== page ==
Once a year, the sleepy seaside settlement of Hahei has its tranquility shattered by the roar of screaming engines and smoking tyres (music to our ears).
The Leadfoot Festival is our kind of car show, one where the cars get shown, then thrashed (and occasionally crashed) in order to nab their driver the title of King of the Hill. The cars that take part vary immensely in heritage and worth – some of them are literally priceless and irreplaceable – but that doesn’t stop their owners driving them the way they were meant to be, flat out. And that makes us happy.
In case you’ve been living under a rock, here’s a quick recap of the Festival: first run in 2011, the event was a private one to celebrate Rod Millen’s 60th birthday. After being persuaded by the public, businesses of Hahei and various motorsport groups, the Millens generously opened up the event to the public and turned it into what is now an annual spectacle.
Rod’s infamous driveway surely ranks as one of the most exciting in the world nowadays. Inspired by a visit to another pretty well known driveway located in Goodwood, Millen set about creating the ultimate hillclimb in his own backyard. The 1.6 kilometre course is flanked with banks and trees and boasts yumps, bumps, gnarly switchback bends, elevation changes and the odd drop off and culvert just to keep things interesting. The venue is continually evolving and adding to the American-themed ranch this year was a new ‘Homestead’ with a rooftop viewing platform and log cabin which housed the Leadfoot merchandise.
Now in its eighth year, Leadfoot again attracted a number of local and international race drivers including our own Scott Dixon, rally ace Alister McRae, professional tyre-shredder and fun-haver, Vaughan Gitten Jnr, motorcycle stunt monkey, Dave McKenna, and the man himself, Rod Millen. The competitors are curated by Rod and are a diverse bunch. Among the vehicles racing this year was a Hayabusa-powered Toyota Starlet (best use for a motorcycle engine if you ask me), Freightliner Supertruck, a handful of dedicated hillclimbers and even a 1939 Auto Union replica powered by a 750hp V12 liberated from a British tank!
Despite recording its best ever attendance this year, the event still feels exclusive and has a charm about it unmatched by any other local motorsport meet. Marshalls, competitors and event staff are required to dress in period style clothing (attendees are encouraged to do so too, but not many do). Safety barriers consist of tape, and objects that look suspiciously like hay bales and there are no big screens. So just like the good old days then. For the spectators, the viewpoints are almost unlimited, and mostly superb, with very few areas off limits to the public. By far the best way to view the action is to wander around and take in the many aspects of the course. The pits are another area worth mooching around in with all the competitors housed side-by-side in marquees. Visitors are encouraged to wander around the cars and many of the drivers seem happy to have a yarn or pose for a selfie.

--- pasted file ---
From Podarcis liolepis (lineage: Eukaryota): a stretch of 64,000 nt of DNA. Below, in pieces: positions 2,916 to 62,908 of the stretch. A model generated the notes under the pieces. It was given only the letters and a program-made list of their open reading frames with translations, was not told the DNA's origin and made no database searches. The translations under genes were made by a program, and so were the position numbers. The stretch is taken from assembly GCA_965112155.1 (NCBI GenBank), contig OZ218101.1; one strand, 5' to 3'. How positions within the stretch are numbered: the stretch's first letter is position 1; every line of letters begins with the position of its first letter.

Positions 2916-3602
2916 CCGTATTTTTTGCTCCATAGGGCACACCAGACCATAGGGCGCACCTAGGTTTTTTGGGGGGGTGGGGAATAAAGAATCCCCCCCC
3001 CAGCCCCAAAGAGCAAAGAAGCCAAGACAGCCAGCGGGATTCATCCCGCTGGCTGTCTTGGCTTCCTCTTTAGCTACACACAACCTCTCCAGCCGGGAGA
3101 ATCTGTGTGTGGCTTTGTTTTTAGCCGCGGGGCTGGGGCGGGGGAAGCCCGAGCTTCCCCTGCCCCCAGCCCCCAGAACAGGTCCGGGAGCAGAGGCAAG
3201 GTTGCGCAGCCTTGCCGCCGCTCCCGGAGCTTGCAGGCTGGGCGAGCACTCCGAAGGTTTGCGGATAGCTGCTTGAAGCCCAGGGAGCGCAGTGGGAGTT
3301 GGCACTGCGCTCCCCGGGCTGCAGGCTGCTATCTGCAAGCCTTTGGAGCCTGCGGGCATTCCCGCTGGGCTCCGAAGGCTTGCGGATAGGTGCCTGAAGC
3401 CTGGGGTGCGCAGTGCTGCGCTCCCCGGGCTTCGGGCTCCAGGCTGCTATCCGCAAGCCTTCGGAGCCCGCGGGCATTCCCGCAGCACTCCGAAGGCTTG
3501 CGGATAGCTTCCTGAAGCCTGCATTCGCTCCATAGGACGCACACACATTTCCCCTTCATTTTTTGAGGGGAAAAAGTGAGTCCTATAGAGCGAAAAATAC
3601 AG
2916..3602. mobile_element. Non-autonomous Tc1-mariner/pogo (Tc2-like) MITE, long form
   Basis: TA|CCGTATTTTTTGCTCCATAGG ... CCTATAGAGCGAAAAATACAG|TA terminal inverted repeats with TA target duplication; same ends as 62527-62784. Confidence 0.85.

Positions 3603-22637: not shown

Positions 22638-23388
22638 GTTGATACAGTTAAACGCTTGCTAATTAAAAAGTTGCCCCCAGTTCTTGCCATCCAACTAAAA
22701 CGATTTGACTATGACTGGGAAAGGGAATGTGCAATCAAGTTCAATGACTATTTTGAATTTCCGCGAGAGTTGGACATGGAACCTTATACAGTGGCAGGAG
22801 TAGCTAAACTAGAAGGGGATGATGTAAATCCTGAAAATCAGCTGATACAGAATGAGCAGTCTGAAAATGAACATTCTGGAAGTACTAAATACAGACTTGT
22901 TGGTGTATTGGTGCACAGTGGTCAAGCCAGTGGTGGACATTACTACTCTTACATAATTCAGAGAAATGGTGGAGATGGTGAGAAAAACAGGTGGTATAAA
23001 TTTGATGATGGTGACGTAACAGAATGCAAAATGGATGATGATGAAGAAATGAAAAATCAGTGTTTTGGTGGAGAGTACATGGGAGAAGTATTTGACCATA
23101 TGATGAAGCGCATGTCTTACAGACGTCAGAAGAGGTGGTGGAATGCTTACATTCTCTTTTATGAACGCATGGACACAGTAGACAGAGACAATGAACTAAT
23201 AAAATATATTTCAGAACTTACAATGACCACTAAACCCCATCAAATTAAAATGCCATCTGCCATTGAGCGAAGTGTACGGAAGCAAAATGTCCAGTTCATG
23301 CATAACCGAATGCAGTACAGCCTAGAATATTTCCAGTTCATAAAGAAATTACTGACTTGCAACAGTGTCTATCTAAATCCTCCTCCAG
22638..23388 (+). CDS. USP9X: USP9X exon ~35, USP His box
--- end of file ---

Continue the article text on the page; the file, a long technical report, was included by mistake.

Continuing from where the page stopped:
The event is still small enough that it hasn’t been spoilt by becoming commercialised. There are some car manufacturers onsite displaying their hottest/latest models and a few tuning companies and the like peddling their wares, but it’s a far cry from an event like the Supercars, and all the better for it. It’s family friendly and punters are encouraged to bring picnic blankets, umbrellas and chairs but no food or drink. Not to worry though as there’s a huge range of tasty grub on offer, and it’s not your typical racetrack fodder either; think dumplings, ribs and seafood, all of which can be washed down with a vino or craft beer. Nice.
We were shouted a VIP pass by the good buggers at Link ECU (purveyors of fine NZ designed and developed ECUs). Sited on top of the hill, the Repco Mountain marquee provides fantastic views of the first half of the track from the comfort of a shady picnic spot. Food and some refreshments were provided as part of the deal, but given the quality of the tucker on offer elsewhere around the event we felt the VIP offerings were fairly lacklustre. Overall we found the VIP experience a little ho-hum for the premium it commanded – three times the price of a GA ticket – and recommend you think twice before handing over your hard-earned. The extra $140 would go a hell of a long way at the onsite food and drink stalls, with probably enough cash left over for a souvenir T-shirt.
But it was the racing we attended for, and that did not disappoint. With the title of Leadfoot champ on the line, there were plenty of thrills and spills as competitors fought to set the fastest time. Local rally champ Andrew Hawkeswood is always entertaining as he thrashes the pants off his AP4 Mazda2 rally racer, as is Fanga Dan in his custom drift Mustang. But the highlight has to be watching Rod maul his Pikes Peak-mauling ‘Sell-i-ca’ up the hill. While Rod couldn’t quite match his own record (a low 48sec), or take out top honours (that went to McRae again – 49.15sec), the sight and sound of this near 900hp monster pummeling the track into submission is enough to give you goosebumps. If you’ve not been to Leadfoot, do yourself a favour and mark February 2-3, 2019 in your diary; you won’t be disappointed.